BaddhaKonasana , Bound Angle Pose One of the best hip openers around, Bound Angle Pose counteracts chair- and cardio-crunched hips.
baddha = bound
kona = angle
Bound Angle Pose: Step-by-Step Instructions
Sit with your legs straight out in front of you, raising your pelvis on a blanket if your hips or groins are tight. Exhale, bend your knees, pull your heels toward your pelvis, then drop your knees out to the sides and press the soles of your feet together.
Bring your heels as close to your pelvis as you comfortably can. With the first and second finger and thumb, grasp the big toe of each foot. Always keep the outer edges of the feet firmly on the floor. If it isn’t possible to hold the toes, clasp each hand around the same-side ankle or shin.
Sit so that the pubis in front and the tailbone in back are equidistant from the floor. The perineum then will be approximately parallel to the floor and the pelvis in a neutral position. Firm the sacrum and shoulder blades against the back and lengthen the front torso through the top of the sternum.
Never force your knees down. Instead release the heads of the thigh bones toward the floor. When this action leads, the knees follow.
Stay in this pose anywhere from 1 to 5 minutes. Then inhale, lift your knees away from the floor, and extend the legs back to their original position.
Watch a video demonstration of Bound Angle Pose
Contraindications and Cautions
- Groin or knee injury: Only perform this pose with blanket support under the outer thighs.
Modifications and Props
To understand the release of the heads of the thigh bones, fold two blankets and put one under each outer thigh, supporting the thighs an inch or so above their maximum stretch. Then lay a 10-pound sand bag on each inner groin, parallel to the crease between the thigh and pelvis. Release the thigh heads away from the weight, and let them sink into the blankets. Do not use the bags unless the thighs are supported.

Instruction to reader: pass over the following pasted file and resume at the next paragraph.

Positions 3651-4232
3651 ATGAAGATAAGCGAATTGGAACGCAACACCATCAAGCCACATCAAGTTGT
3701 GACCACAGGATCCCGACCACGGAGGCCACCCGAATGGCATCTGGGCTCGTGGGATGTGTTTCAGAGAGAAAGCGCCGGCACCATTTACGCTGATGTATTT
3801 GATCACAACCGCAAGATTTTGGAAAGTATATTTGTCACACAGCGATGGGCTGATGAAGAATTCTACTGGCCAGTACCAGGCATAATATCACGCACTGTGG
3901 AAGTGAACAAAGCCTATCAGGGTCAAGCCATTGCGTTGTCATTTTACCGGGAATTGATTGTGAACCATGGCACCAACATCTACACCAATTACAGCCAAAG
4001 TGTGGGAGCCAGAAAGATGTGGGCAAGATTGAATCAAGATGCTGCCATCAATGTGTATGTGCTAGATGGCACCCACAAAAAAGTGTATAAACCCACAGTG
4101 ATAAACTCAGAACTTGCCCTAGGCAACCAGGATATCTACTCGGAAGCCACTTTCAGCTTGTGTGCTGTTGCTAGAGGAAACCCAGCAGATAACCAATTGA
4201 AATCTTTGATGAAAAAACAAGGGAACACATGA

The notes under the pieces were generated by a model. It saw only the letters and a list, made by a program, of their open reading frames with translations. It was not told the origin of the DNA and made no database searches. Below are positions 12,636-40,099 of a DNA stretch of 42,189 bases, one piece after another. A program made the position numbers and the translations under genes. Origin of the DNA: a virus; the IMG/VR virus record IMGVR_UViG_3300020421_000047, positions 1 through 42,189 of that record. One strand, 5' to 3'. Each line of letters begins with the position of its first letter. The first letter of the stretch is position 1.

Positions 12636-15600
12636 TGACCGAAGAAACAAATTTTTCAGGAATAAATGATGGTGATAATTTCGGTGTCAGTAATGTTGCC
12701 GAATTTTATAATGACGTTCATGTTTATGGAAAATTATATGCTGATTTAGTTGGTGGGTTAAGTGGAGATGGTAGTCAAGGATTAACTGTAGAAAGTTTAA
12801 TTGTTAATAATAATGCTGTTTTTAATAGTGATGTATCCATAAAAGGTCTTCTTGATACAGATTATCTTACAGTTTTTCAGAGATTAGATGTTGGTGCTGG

Deepen the Pose
Imagine you have two partners, each pressing inward (toward the pelvis) on a knee. From the middle of your sacrum, push out along the outer thighs against this imaginary resistance. Then push the heels firmly together from the knees.
It can be difficult to lower the knees toward the floor. If your knees are very high and your back rounded, be sure to sit on a high support, even as high as a foot off the floor.
- Stimulates abdominal organs, ovaries and prostate gland, bladder, and kidneys
- Stimulates the heart and improves general circulation
- Stretches the inner thighs, groins, and knees
- Helps relieve mild depression, anxiety, and fatigue
- Soothes menstrual discomfort and sciatica
- Helps relieve the symptoms of menopause
- Therapeutic for flat feet, high blood pressure, infertility, and asthma
- Consistent practice of this pose until late into pregnancy is said to help ease childbirth.
- Traditional texts say that Baddha Konasana destroys disease and gets rid of fatigue.
A partner can help you learn how to work the inner thighs in this pose. Perform Baddha Konasana. Loop a strap over each groin, with the free ends of the straps leading away from your back torso. Have your partner sit behind you and pull on the straps (perpendicular to the line of the thighs). Your partner can also press one foot lightly against the back of your pelvis at the same time. Lean slightly forward, releasing the heads of the thigh bones away from the straps.
Exhale and lean your torso forward between the knees. Remember to come forward from the hip joints, not the waist. Bend your elbows and push them against the inner thighs or calves (but never on the knees). If your head doesn’t rest comfortably on the floor, support it on a block or the front edge of a chair seat.